If we want to conduct studies that illustrate that patients are better off seeing a genetic counselor than not, we need to be more specific about what they get as a result. If a client in follow up remains naive about a genetics fact or misunderstands, that is not a reasonable outcome to conclude that GC was less than successful. Our patients cannot and will not get all the facts right. As Bob said, recall of information may what we want to see but may hold less relevance for our clients. They hear what they hear, need different information than we value, may not use information to make decisions, may not value information above emotional responses, can get information other ways… Yet at the same time, we don’t want our clients to make uninformed (naive) decisions. So, looking at informed choices is one alternative as it includes basic knowledge about the test but also attitudes-whether the choice was consistent with ones values and beliefs.
Whether they were satisfied that their questions were answered, that they could use the information and that it helped them in the future as they faced new challenges is another alternative (anticipatory guidance). This could be captured through exploratory (qualitative) methods as suggested earlier, but at the end of the day we still want/need to know-for how many people was there a measurable improvement in at least one aspect of their life as a result of genetic counseling?
I would love to hear other people’s ideas about what we offer our clients that is invaluable or improves their lives or their care in a tangible way that we can capture through quantitative approaches.
Yes, it is harder to participate in research when you are a busy clinician-no doubt. But a number of clinical genetic counselors have worked with me and helped to implement or design studies. This type of research benefits from a team approach. The basic social scientists are clamoring for “disease cohorts” or access to clinic patients or interesting health related issues that can be asked in certain contexts. You as the clinician on the team can offer your content expertise and your services for study. It’s a great way to become part of a team and to begin to learn how studies are conducted. It’s also stimulating and can enhance your professional development and job satisfaction.
I too feel hopeful about the future of GC research when I read these lists of potential outcome variables ripe for study. Thanks so much to everyone for sharing these. I’m especially intrigued by the outcome variable of “Empowerment” mentioned by Barb and Catriona. In my personal, totally non-scientific struggle to determine whether I’m doing anything useful for my clients, I’ve started taking note of specific counseling skills I used in a session. By far the most frequent is esteem-boosting or competence-boosting. Maybe I need to expand my tool box a little ( ), but I’ve started to think that this may be one of the most important things we do for our clients. If only we could show this benefit through research! Perceived control comes close, but empowerment is much better. I’ll be really interested to see how this might be used in GC research in the future.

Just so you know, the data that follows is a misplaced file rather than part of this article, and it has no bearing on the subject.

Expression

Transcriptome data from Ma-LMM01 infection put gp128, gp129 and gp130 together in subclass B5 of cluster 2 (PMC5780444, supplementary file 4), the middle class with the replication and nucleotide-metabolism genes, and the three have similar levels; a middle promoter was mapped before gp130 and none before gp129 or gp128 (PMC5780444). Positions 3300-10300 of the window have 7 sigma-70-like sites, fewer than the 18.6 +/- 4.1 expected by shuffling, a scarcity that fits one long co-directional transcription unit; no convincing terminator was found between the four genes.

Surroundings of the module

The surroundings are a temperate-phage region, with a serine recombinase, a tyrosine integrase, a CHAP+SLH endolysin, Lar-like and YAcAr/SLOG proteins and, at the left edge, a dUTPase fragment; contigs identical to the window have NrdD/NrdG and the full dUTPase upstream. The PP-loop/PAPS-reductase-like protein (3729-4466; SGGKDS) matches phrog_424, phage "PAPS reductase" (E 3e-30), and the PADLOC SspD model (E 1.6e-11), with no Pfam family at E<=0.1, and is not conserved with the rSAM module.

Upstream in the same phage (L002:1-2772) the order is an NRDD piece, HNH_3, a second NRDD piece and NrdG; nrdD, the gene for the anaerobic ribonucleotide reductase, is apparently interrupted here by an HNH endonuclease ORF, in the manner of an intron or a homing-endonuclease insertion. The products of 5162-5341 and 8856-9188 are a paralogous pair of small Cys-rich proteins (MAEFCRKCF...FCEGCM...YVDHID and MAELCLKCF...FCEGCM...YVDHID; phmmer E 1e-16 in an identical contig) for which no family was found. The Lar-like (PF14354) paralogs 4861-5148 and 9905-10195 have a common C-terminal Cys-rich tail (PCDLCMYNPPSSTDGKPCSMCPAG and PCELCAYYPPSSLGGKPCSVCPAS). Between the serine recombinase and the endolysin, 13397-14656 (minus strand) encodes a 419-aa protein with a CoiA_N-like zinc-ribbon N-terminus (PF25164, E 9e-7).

One thing that hasn’t been mentioned as much in this discussion is the need for process studies in addition to outcome studies. What is actually going on behind closed doors with GCs? Are we actually using the counseling skills we learned in school? If not, what are the barriers preventing this? Are they personal or systematic? Many of the skills we use may have already been validated in other counseling and public health settings – but are we applying them appropriately with our client populations? Are there aspects of the genetics setting in particular that undermine our ability to employ psychosocial counseling? What are realistic expectations of ourselves? I think Deb Roter and others have started to explore these issues with their GC simulation video studies. To do this even more, we definitely need more than surveys on the professional listserv: GCs have to have the courage to open our doors and expose ourselves to examination and critique.